In the secondary market for outstanding bonds, prices are quoted in terms of par, or 100%. Thus, a bond quoted at “98” refers to a bond that is priced at $98 per $100 of face value, which equates to buying a bond with a face value of $5,000 for $4,900.
There are a number of online tools to help investors compare current prices of bonds. Most of these tools allow you to sort and search bond data including yields, ratings and prices. Prices of U.S.
corporate bonds are now more widely available, as mandated by rules issued by the Financial Industry Regulatory Authority (FINRA) and facilitated through its Trade Reporting and Compliance Engine (TRACE) at www.finra.org/industry/trace. TRACE requires mandatory transaction reporting of OTC secondary market transactions in
eligible fixed income securities.
For municipal bonds, transaction price data and daily summary of trading activity can be obtained from the Municipal Securities Rulemaking Board’s (MSRB) Electronic Municipal Market Access (EMMA) portal at http://emma.msrb.org. For the U.S. government bond market, Treasury bond yields are available online, including on The Federal Reserve System website at www.federalreserve.gov/releases/H15/update. You can also
compare prices for specific bonds through a financial professional.
Bond funds let you diversify risks across a broad range of issues and opt for additional conveniences, such as having interest payments either reinvested or distributed periodically. Some funds are designed to follow a particular market or a specified index of bonds. These are often referred to as “index funds” or “passive funds.” Other funds are actively managed according to a stated objective, with bonds purchased and sold at the discretion of a fund manager.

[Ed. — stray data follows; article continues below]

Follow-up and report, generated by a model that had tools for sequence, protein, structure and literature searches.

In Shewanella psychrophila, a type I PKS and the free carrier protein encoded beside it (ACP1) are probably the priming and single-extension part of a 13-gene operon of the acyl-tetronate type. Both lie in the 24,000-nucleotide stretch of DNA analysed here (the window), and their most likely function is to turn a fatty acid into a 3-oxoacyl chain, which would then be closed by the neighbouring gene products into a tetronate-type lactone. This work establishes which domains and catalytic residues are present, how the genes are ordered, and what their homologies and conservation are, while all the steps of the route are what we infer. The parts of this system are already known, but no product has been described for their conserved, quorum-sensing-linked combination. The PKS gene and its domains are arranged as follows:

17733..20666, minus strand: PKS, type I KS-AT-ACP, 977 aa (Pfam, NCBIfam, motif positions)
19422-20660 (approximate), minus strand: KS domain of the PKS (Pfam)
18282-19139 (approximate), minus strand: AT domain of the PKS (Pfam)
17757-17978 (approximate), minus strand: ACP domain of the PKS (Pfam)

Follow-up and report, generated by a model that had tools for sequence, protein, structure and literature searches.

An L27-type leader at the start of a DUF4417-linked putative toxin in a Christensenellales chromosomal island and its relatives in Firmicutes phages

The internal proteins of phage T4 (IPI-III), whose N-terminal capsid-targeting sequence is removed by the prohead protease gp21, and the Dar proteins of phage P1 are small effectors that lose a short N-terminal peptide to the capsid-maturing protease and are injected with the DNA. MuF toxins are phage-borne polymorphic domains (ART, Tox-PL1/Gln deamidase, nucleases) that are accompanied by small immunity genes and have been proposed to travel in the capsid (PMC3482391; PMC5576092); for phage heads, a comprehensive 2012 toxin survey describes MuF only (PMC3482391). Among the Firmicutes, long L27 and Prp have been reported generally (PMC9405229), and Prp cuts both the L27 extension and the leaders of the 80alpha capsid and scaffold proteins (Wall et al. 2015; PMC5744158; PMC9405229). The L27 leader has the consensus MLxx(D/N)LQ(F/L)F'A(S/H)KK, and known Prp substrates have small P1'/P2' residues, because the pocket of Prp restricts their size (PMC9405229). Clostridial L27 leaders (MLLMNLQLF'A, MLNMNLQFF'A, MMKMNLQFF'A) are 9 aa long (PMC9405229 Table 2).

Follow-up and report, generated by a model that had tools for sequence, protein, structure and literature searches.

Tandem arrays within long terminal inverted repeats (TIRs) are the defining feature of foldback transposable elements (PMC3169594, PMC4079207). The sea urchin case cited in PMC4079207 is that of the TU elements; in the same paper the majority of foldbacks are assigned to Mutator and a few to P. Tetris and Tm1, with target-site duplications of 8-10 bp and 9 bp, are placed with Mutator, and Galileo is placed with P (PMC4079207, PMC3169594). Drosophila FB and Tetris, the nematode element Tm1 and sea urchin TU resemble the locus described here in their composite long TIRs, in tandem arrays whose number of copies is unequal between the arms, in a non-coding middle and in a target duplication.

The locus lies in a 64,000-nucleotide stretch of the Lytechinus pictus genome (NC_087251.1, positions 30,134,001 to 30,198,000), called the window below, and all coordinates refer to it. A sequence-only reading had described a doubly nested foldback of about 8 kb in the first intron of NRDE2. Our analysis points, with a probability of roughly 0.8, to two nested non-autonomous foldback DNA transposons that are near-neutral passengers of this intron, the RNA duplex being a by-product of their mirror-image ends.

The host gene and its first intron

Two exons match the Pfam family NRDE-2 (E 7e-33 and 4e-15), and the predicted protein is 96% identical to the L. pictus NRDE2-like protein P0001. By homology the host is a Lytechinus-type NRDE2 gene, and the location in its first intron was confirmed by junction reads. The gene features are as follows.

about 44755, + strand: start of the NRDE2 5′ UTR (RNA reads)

Unlike individual bond investments, a bond fund does not have a specified maturity date, because bonds are added to and eliminated from the portfolio in response to market conditions and investor demand, or to track an index.
With open-end mutual funds, an investor is able to buy or sell a share in the fund at any time at the fund’s net asset value. Because the market value of bonds fluctuates, a fund’s net asset value will change to reflect the aggregate value of the bonds in the portfolio.
As a result, the value of investment bond fund may be higher or lower than the original purchase price, depending upon how the underlying portfolio of bonds has performed.
Closed-end mutual funds, on the other hand, are made up of a specific number of shares that are listed and traded on a stock exchange. The price of closed-end funds will fluctuate not only with the price of the underlying portfolio, but also the supply